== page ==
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Pooled Data Show Benefits of Linagliptin (Tradjenta) in African-American Adults With Type-2 Diabetes
Data from a retrospective pooled analysis of eight phase III trials of linagliptin (Tradjenta, Boehringer Ingelheim/Lilly) 5 mg once daily have shown reductions from baseline in hemoglobin A1c (HbA1c) at 18 (eight trials) and 24 (six trials) weeks compared with placebo in African-American adults with type-2 diabetes.
In addition, similar proportions of patients in the linagliptin and placebo groups experienced adverse events, including hypoglycemia.
The new data were presented at the 23rd Annual Scientific & Clinical Congress of the American Association of Clinical Endocrinologists, being held May 14–18 in Las Vegas.
According to the Centers for Disease Control and Prevention (CDC), African-Americans, along with other minority groups, are at a higher risk for type-2 diabetes than the rest of the population.
The retrospective pooled analysis from eight randomized, placebo-controlled phase III trials included 336 adults with type-2 diabetes in North and South America who self-reported their race as African-American. Of the participants, 173 received linagliptin 5 mg and 163 received placebo once-daily, either as monotherapy or as an add-on to various glucose-lowering regimens, for 18 weeks (two trials) or 24 weeks (six trials).
The primary efficacy endpoint was the change in HbA1c (a measure of average blood glucose) from baseline to 18 weeks or 24 weeks. Mean baseline HbA1c levels were 8.53% in the linagliptin group and 8.61% in the placebo group.
Safety was assessed according to the incidence and intensity of adverse events (AEs), including the incidence and intensity of hypoglycemia.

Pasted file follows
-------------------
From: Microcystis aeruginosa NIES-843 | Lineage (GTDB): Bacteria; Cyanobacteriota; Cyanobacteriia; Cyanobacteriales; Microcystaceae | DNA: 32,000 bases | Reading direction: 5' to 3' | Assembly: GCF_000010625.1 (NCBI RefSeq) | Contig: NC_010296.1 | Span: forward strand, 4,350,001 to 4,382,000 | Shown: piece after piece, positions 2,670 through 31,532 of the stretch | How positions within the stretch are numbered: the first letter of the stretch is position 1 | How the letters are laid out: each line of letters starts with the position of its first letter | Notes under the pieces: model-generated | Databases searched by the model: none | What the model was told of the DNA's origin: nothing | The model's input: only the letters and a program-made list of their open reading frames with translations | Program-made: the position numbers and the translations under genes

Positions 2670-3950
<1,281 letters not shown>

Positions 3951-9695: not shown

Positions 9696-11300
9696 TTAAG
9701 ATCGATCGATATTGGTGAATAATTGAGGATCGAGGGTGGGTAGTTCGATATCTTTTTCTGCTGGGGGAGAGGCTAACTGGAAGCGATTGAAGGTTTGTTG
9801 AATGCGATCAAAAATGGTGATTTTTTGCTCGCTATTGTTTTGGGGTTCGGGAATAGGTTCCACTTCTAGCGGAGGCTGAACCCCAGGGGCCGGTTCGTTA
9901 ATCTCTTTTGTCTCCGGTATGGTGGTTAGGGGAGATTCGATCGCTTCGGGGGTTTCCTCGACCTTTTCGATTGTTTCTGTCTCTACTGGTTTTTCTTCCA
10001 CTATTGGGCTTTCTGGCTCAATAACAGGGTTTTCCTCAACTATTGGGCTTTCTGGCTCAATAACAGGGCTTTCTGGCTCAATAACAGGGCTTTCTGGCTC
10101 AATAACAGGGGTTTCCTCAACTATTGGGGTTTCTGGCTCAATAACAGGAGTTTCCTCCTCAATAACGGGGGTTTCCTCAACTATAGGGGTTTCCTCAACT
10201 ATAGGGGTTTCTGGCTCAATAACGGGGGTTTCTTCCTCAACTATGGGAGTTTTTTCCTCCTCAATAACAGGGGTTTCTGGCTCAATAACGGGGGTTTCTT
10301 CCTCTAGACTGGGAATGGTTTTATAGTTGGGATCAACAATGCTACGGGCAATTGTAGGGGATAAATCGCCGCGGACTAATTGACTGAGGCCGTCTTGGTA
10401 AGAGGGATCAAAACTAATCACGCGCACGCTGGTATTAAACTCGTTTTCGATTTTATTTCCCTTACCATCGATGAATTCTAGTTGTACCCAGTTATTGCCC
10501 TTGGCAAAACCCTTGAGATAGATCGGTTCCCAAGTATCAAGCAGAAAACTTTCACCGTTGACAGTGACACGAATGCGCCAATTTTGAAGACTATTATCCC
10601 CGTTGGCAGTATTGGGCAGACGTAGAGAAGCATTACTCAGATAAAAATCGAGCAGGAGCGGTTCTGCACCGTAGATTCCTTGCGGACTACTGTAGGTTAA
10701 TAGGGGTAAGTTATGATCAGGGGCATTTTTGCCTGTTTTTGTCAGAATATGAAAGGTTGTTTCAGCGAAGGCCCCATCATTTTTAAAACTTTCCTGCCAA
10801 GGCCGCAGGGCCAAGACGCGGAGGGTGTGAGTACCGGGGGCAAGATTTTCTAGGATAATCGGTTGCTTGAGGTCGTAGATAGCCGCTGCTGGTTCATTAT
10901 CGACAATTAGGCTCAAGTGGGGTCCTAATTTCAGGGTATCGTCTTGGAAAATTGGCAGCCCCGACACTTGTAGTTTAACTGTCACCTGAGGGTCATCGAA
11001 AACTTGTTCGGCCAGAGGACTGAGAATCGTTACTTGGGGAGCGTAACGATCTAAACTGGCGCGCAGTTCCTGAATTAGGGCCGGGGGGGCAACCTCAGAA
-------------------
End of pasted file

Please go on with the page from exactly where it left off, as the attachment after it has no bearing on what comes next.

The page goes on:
Key findings from the retrospective pooled analysis included the following:
- The placebo-adjusted mean changes in HbA1c levels from baseline with linagliptin were –0.69% at week 18 (eight trials) and –0.64% at week 24 (six trials).
- Similar proportions of patients in the linagliptin and placebo groups experienced AEs (65.3% vs. 68.1%, respectively), with a lower percentage of patients experiencing drug-related AEs in the linagliptin group compared with the placebo group (9.2% vs. 13.5%, respectively).
- The incidence of hypoglycemia was similar across treatment groups (12.1% for linagliptin and 11.7% for placebo).
Tradjenta (linagliptin) is a once-daily, 5-mg tablet used along with diet and exercise to improve glycemic control in adults with type-2 diabetes. The drug should not be used in patients with type-1 diabetes or for the treatment of diabetic ketoacidosis. Linagliptin has not been studied in patients with a history of pancreatitis.
Approximately 24.4 million Americans and an estimated 382 million people worldwide have type 1 or type 2-diabetes. Type-2 diabetes is the most common form, accounting for an estimated 85% to 95% of all diabetes cases.
Source: Eli Lilly; May 15, 2014.